"Some people say life is the thing, but I prefer reading"
- Logan Pearsall Smith
Thursday, December 6, 2012
Millions Like Us - Virginia Nicholson
The subtitle of this book is Women's Lives in War and Peace & that's exactly what it encompasses. Millions Like Us tells the stories of many women & how they lived through WWII & the years afterwards. Nicholson focuses on about a dozen women who we get to know well during the course of the book, including writer Naomi Mitchison, housewife & diarist Nella Last, 17 year old junior housemaid Jean McFadyen & debutante Patience Chadwyck-Healey. Their lives are revealed through interviews, letters & diaries as well as memoirs they wrote in later life.
The women worked in all the armed forces as ambulance drivers, nurses, clerks, telegraph operators & code breakers at Bletchley Park, at home & in all the theatres of war. There are women trying to run a home during the Blitz, helping others bombed out of their homes, working in the Land Army or Timber Corps or looking after evacuees. It would be impossible to tell even a fraction of the stories told so well in Millions Like Us & the voices of the women in the book are so important that I think it's better to let the women speak for themselves. These are just a few of the passages I marked as I read.
Mollie Panter-Downes wrote a weekly column in the New Yorker about the experiences of Britain at War. The imposition of the blackout & the closure of theatres was one of the first effects,
With, on the whole, astounding good humor and an obedience remarkable in an effete democracy, they have accepted a new troglodyte existence in which there are few places of entertainment, no good radio programs, little war news and little to do after dark except stay in the cave...'So we'll go no more a-roving so late into the night' has taken on a significance that Byron never intended.
Young women like 17 year old Cora Styles became quite matter of fact about the horrors of the Blitz, When I went to work in the mornings you'd see piles of brick rubble, perhaps with an arm sticking out or a leg - I got so that blood, guts and what have you didn't have much effect on me. I knew a man who would go round with a basket collecting the bits, trying to put them together. He picked up somebody's head and the eyes were open; it nearly landed him in the loony bin.
Not all the stories are as horrific. For many women, the war was an opportunity to get out of the rut that habit or class or their families had thrust them into. They were able to get an education, learn new skills & experience the excitement that responsibility & doing a worthwhile job can bring. For all the stories about young women being bullied in factories or forced to put up with the dirtiest jobs an irate farmer could devise, there are other stories about friendships & romances that changed their lives.
Isa Barker was a Land Girl in Scotland & found the social life & staging charity concerts more stimulating than the work,
We found out that we had a couple of beautiful singers; and there was one girl who was very adept with poetry recitations, and could make people laugh. And I had been in a tap dancing troupe for five or six years when I was younger... We didn't go to bed till about two in the morning because of people enjoying themselves. And on Saturday mornings you'd get up and think 'Och, we've got to lift manure.' Well, we could hardly lift the fork, never mind the fork with the manure on it!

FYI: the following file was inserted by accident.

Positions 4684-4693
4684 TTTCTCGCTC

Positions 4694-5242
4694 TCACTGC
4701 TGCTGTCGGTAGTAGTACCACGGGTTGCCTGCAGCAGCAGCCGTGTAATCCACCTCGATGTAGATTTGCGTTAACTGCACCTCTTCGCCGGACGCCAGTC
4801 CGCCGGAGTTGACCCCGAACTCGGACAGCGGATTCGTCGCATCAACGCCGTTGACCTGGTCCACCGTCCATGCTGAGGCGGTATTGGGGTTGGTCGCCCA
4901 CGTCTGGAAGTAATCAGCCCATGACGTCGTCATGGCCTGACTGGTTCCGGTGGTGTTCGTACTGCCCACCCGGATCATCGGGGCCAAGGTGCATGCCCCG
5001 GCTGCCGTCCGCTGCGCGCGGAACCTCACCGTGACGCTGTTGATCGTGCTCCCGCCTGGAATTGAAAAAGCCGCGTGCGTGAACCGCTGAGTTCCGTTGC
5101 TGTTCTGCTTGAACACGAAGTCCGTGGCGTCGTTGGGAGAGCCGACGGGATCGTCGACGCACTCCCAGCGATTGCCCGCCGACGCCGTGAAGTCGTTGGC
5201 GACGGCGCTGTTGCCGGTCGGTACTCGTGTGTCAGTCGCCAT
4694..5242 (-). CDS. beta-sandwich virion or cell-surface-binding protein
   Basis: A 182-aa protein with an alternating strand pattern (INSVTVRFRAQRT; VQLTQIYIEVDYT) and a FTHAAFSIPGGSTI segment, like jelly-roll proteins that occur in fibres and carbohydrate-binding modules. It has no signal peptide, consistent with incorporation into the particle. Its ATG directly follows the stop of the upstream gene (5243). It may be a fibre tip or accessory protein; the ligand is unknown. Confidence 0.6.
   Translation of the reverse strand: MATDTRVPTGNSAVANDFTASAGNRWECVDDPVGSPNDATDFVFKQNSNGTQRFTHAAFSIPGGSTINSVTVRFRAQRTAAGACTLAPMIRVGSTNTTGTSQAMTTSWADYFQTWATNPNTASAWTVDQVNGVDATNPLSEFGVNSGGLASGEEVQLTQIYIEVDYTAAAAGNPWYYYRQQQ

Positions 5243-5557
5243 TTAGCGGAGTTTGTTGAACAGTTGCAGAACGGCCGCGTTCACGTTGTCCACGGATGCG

The end of the war brought joy & relief. Marguerite Patten had been a domestic science demonstrator during the war & went on to become a well-known cookery writer. She remembers her joy when the war ended.
Victory! We couldn't, couldn't believe it really had come. It was wonderful... The sheer joyousness of that day! I kissed more people that day than I kissed in my entire life. We danced and we sang... and of course we all got as near to Buckingham Palace as we possibly could. You can't exaggerate the joy of that day. And we could go home in the dark and not worry about an air raid! And people could leave their curtains undrawn!~No, the feeling of joy on that day was something to remember the whole of your life.
The end of the war didn't bring joy to everyone. It was hard to celebrate when your husband or son wasn't coming home. When the troops were demobilised & the prisoners of war were released, the men who came home had changed & the women they came back to had changed as well. Many marriages foundered & divorce rates increased. Many young women had become engaged to American GIs & set off to a whole new life in another country. Others had to leave jobs that they had enjoyed because the work was no longer there or the job was reserved for a returned serviceman.
The stress of adjustment to peace was severe. Especially as life didn't automatically change for the better. Rationing didn't end with the war & shortages of food, clothing, housing all made life difficult without the feeling of necessary sacrifice that came with the war effort. The final chapters of Millions Like Us are quite sober. News of the concentration camps & the dropping of the nuclear bombs on Japan shocked everyone. The new post-war world would take some getting used to. Millions Like Us is an absorbing book. Virginia Nicholson has done an excellent job of describing the war experiences of so many different women yet by the end of the book, the reader feels that we know them all intimately. The personal interviews are especially important as the generation who lived through WWII begins to disappear. It's all the more crucial that their experiences are not forgotten.
I'm an avid reader who loves middlebrow fiction, 19th century novels, WWI & WWII literature, Golden Age mysteries & history. Other interests include listening to classical music, drinking tea, baking cakes, planning my rose garden & enjoying the antics of my cats, Lucky & Phoebe. Contact me at lynabby16AThotmailDOTcom